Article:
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Posted

Pounds, KGs...  I get these.  I don't like it, the communist metric BS, but I get it.  :flamegun::flamegun:

 

Then WTF is the weight measurement "stone" I keep seeing?  Where the hell did that come from???

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Posted (edited)

Larry,

Stone is an old English measurement used for weight - a man weighs x many stones, and was x axe handles tall - I think a stone weighed about 16 or 16 1/2 pounds?   That may also be the weight of the stone they use in Curling games?

A horse was so many "hands" tall.  ???   A rod is about 16 1/2? feet long. 

A cubit was the length of an arm from elbow to fingers - how is that for accuracy for building an Ark !  ;<)

And now I have to use a caliper that reads both in inches and sillymeters, and keep two sets of wrenches in my truck!

"Old English" EDMO

Edited by EDMO

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Posted

Ed, you are close. A Stone is 14 pounds. We changed to metric measurements in the 60's and 70's. Fishermen and young Mothers still tend to use Imperial to brag about their latest catch/ addition to the family. A 10 pound New Zealand Brown Trout sounds better than the same fish weighing 4.54 kilograms!!    

Happy Thanksgiving to you all.

Ian

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Posted (edited)

Ed, you are close. A Stone is 14 pounds. We changed to metric measurements in the 60's and 70's. Fishermen and young Mothers still tend to use Imperial to brag about their latest catch/ addition to the family. A 10 pound New Zealand Brown Trout sounds better than the same fish weighing 4.54 kilograms!!    

Happy Thanksgiving to you all.

Ian

10 pound Brown trout!  Small by Canadian and Alaska standards, but huge here - My sister-in-law and her husband go trout fishing a lot - they weigh their tiny trout in ounces - guess that is something in minikilos!  ;<)    Is that the same weight stone as in Curling?  Happy Thanksgiving Turkey Day.  Maybe you have Trout instead?  My Thanksgiving meal used to be Alaska King Crab legs, Gulf of Mexico Shrimp, Beer-battered Halibut and Scallops.   I was very Thankful to get to live in Alaska for about 11 years!  EDMO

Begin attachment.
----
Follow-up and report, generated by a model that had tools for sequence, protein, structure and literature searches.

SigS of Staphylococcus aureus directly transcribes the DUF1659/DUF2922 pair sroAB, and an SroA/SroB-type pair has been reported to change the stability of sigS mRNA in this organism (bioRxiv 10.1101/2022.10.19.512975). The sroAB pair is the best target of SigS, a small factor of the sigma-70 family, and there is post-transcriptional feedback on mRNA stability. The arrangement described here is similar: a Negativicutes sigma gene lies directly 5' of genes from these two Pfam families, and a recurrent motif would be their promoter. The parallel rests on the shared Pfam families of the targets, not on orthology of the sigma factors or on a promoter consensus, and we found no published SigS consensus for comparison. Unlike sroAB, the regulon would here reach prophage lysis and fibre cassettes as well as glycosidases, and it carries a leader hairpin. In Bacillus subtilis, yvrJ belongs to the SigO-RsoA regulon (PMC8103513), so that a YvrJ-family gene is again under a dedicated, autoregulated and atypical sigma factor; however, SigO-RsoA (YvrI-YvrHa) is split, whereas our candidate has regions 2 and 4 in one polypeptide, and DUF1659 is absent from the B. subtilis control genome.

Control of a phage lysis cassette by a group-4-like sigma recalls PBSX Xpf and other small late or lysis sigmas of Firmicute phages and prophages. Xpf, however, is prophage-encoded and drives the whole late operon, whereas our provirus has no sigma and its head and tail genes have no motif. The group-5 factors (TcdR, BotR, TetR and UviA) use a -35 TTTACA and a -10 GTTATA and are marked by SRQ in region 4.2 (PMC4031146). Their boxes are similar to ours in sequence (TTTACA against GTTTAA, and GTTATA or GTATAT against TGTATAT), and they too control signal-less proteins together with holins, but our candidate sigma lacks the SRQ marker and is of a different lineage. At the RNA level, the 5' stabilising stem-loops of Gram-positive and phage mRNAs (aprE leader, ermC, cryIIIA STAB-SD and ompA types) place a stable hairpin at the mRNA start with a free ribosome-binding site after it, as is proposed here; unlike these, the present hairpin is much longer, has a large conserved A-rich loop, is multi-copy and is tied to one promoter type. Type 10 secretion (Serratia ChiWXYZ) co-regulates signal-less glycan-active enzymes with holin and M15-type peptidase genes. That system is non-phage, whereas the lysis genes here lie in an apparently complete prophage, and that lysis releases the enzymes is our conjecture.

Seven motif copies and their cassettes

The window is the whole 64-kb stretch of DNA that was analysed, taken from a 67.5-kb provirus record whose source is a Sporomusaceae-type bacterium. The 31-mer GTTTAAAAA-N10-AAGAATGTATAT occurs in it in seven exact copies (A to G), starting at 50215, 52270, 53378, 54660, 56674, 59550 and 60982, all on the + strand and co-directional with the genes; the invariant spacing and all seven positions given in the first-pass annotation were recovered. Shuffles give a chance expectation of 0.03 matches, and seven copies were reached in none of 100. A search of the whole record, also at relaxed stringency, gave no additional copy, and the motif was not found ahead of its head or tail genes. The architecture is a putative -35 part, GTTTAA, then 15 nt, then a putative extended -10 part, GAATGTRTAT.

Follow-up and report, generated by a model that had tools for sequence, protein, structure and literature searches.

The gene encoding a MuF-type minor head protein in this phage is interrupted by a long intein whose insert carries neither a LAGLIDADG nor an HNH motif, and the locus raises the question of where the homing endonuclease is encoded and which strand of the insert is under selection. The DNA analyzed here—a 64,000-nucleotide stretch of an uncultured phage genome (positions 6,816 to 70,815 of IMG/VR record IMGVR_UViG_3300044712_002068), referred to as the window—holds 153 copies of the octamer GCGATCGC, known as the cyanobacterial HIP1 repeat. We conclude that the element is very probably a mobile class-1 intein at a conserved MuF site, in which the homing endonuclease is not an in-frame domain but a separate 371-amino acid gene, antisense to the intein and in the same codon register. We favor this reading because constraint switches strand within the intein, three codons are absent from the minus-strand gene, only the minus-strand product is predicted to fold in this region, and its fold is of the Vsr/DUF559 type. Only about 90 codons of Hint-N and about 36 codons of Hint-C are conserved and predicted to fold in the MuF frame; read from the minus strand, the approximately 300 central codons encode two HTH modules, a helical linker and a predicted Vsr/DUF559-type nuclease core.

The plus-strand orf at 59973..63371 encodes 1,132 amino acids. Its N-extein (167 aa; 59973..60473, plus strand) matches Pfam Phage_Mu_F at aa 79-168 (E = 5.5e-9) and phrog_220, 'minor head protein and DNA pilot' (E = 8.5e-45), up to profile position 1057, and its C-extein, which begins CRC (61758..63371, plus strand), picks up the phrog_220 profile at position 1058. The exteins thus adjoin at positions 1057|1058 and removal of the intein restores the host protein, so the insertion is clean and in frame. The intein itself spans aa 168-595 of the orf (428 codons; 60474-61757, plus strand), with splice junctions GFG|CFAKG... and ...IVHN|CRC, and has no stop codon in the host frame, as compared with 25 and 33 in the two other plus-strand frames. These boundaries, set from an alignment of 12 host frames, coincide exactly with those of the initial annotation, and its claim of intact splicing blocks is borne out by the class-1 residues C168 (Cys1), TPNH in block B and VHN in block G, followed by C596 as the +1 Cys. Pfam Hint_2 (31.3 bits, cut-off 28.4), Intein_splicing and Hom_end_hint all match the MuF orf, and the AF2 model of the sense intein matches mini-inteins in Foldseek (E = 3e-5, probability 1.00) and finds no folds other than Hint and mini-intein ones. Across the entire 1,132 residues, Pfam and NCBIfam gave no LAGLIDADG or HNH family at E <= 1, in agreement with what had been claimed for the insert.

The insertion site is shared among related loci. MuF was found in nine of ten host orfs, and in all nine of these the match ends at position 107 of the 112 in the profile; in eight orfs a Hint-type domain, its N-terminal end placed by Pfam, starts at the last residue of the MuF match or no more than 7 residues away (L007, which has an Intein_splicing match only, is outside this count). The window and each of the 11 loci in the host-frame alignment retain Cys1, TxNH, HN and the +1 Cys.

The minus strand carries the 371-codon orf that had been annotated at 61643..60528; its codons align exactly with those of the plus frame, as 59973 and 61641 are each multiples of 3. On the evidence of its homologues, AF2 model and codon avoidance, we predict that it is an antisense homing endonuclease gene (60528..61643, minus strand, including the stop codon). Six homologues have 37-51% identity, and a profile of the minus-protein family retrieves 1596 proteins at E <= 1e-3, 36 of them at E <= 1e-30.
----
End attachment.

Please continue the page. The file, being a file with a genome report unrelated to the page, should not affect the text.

Edited by EDMO

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Posted

We flew up to have a look at this avid the other day.It has 12inch spacing on the ribs 7/8 lift struts,the elevator has been fitted with a inset elevator and still has the sling seat.

My main concern is a bracket for the oil tank piping that is riveted to the lower carry through,is this acceptable and normal?

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Posted

That is per plans.

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Posted

Some people use STOL for anything they want to sell - Some use it for undercambered wings - Avid used it for the .065 spars with 15/16" rib spacing compared to the HH with .083 and 12" - The HH could also be considered as a STOL by someone selling a plane, but not by Avid standards.  Check it closely - could also be a 1200 GW, but what difference does 50 lbs make?  These birds are built somewhere around 150% of GW for safety reasons. 

As Leni said, "If you are in rough air, throttle back and slow down" - If you want to go into physics, then a heavier bird will take more turbulence than a light one - I know that don't make sense to the average person, but it has been shown to be true by those who can explain it better than me.  It has more to do with how fast the bird goes up and down in rough air.   EDMO

Maneuvering speed (turbulent air speed) goes up with gross weight for a simple reason.  It is the speed at which the airfoil will stall before it is accelerated beyond its limits.   Heavier planes stall at higher speeds than light ones if the wing/airfoil is the same.  I was always trying to wrap my head around inertia as a reason, but I found a good explanation of it a while back.

Mark

 

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Posted

Let me weigh in:  It is safer to stall and spin (then recover) then it is to suffer a structural break up. At higher weights, the wing lift at speed makes lower load factor (lower "G") so the aircraft is much less likely to break apart. The load factor is the ratio of the wing lift to the gross weight.  At light weight, the wing lift at stall (the exact same lift as the heavy weight case) makes much higher load factor so the aircraft might break up before it stalls.

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Posted (edited)

Let me weigh in:  It is safer to stall and spin (then recover) then it is to suffer a structural break up. At higher weights, the wing lift at speed makes lower load factor (lower "G") so the aircraft is much less likely to break apart. The load factor is the ratio of the wing lift to the gross weight.  At light weight, the wing lift at stall (the exact same lift as the heavy weight case) makes much higher load factor so the aircraft might break up before it stalls.

I will add this:  I believe the "stall" is not like the intentional stall and recovery a pilot might do - rather, it is a short cycle of stall and recovery that the plane does - happening in the middle of severe bumpy turbulence, and maybe not even recognized by the pilot.  EDMO

Edited by EDMO